From:             R. Neil Tidsbury

Re: Vehicle and Travel Allowances

On December 22nd, Finance Canada posted “Government Announces the 2018 Automobile Deduction Limits and Expense Benefit Rates for Business” (see ). The relevant provisions of that release are below:

1. The limit on the deduction of tax-exempt allowances that are paid by employers to employees who use their personal vehicle for business purposes for 2018 will be increased by 1 cent to 55 cents per kilometre for the first 5,000 kilometres driven, and to 49 cents per kilometre for each additional kilometre to reflect that, since the last change to this limit, the per kilometre costs associated with owning and operating an automobile have increased by roughly 1 cent. ...

Accordingly, pursuant to the standard provisions of most collective agreements, the vehicle allowance will rise to 52 cents per kilometre effective the first pay period following May 1, 2018, through April 30, 2019.

The provisions agreed at Framework Bargaining for 2011 and 2015 addressing initial and return allowances, and rotational leave allowances will result in the following adjustments:

Initial and Return Allowances:

(i)up to 200 kilometres - $88.00 each way;
(ii)200 kilometres to 300 kilometres - $124 each way;
(iii)300 kilometres to 375 kilometres - $150 each way;
(iv)over 375 kilometres to 475 kilometres - $224.00 each way, or actual airfare if suitable proof of air transport is provided to the Employer.
(v)over 475 kilometres - as mutually agreed between the parties to this Agreement to a maximum of $344.00 each way or air fare inclusive of taxes in the event this is the most practical method of accessing the project/jobsite.

Rotational Leave Allowances:

(a)On jobs located beyond a three hundred (300) kilometre radius to a maximum of four hundred and seventy-five (475) kilometres from the centre of Edmonton or Calgary or other hiring hall location, the Employer shall:
(i)Pay an allowance of $174.00 after thirty-five (35) calendar days of employment on the job and thereafter for each subsequent thirty-five (35) calendar days of employment on the job.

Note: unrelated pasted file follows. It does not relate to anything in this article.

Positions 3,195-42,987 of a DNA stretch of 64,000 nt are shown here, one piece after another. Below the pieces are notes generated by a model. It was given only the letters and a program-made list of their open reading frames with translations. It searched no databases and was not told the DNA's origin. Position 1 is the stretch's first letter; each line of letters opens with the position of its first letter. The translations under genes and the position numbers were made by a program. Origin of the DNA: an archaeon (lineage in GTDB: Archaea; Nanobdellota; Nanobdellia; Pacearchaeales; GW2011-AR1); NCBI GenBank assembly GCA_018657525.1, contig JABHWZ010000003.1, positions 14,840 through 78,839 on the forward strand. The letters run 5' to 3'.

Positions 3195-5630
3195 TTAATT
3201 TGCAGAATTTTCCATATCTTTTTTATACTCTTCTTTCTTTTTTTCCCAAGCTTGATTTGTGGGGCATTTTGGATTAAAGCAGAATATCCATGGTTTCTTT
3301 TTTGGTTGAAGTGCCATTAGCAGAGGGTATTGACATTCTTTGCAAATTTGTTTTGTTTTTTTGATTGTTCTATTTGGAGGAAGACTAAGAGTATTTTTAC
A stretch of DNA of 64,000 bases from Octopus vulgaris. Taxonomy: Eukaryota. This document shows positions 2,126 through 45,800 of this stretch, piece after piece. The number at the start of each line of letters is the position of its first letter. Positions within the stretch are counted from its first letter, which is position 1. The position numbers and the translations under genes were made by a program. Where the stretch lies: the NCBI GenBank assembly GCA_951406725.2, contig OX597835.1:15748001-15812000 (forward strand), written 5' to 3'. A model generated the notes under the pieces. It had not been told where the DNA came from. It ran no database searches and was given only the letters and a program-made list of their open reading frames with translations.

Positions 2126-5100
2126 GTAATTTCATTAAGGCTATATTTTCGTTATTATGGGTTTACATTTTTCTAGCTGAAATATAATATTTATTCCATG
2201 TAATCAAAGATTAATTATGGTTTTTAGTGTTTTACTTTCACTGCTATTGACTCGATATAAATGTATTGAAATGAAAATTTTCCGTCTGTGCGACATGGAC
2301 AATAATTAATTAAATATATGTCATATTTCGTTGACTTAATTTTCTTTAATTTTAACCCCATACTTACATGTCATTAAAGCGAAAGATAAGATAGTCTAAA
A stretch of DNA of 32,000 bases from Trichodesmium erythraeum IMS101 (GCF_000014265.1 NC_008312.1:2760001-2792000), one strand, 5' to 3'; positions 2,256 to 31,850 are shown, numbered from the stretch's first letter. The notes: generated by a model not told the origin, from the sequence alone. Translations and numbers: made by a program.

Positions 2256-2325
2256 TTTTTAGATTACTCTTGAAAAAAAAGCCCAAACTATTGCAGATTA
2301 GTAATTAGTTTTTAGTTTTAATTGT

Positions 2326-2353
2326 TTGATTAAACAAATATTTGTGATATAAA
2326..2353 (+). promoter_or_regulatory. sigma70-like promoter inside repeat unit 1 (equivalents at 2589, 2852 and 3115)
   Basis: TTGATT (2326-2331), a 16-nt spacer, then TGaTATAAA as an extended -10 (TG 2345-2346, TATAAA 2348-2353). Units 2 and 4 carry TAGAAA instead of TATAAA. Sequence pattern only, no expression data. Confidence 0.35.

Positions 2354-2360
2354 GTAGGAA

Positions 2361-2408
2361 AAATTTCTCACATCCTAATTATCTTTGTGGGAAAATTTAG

Where the employee accepts Employer supplied transportation he shall not be entitled to the above allowance.
(ii)Allow employees five (5) working days leave after each thirty-five (35) calendar days of employment on the job.
(b)On jobs located beyond a four hundred and seventy-five (475) kilometre radius from the centre of Edmonton or Calgary or other hiring hall location, the Employer shall:
(i)Provide a negotiated transportation allowance, not to exceed scheduled airline air fare where scheduled air service is available, or pay an allowance of $312.00 where airline service is not available, after thirty-five (35) calendar days of employment on the job and thereafter for each subsequent thirty-five (35) calendar days of employment on the job.

The $150 allowance in section 11.01(a) of Special Project Needs Agreements based on Template A, applicable when bus transportation is provided because air transportation is not practical, will increase to $153 effective on the first pay period following May 1, 2018.

Representatives of the Building Trades of Alberta have reviewed and concurred with this information.


Alberta Chamber of Resources’ White Papers:  Powering Alberta

In early 2016, responding to shifts in societal values at the provincial, national and international levels, the Government of Alberta mandated the elimination of coal-related carbon emissions, effectively setting a course to retirement of the present coal generation capacity by 2030. That capacity is to be replaced by renewable generation plus natural gas generation. This is an ambitious change agenda with considerations of technological change, investment attraction and construction logistics. ACR decided to contribute to the public discourse with strategic perspectives from resource sector companies which include large power consumers as well as large coal, gas and renewable power producers.

The following White Papers are an invitation to all stakeholders to engage in the dialogue – the odds for a successful transition are greatly increased when all the players are contributing expertise, wisdom and commitment at every step.   They are important reading for all Albertans.

Paper #1 | Powering Alberta – Overview

Paper #2 | Maintaining Investor Confidence

Paper #3 | Learning from the Experiences of Other Jurisdictions

Paper #4 | Planning an Orderly Transition

Please click here to download the papers.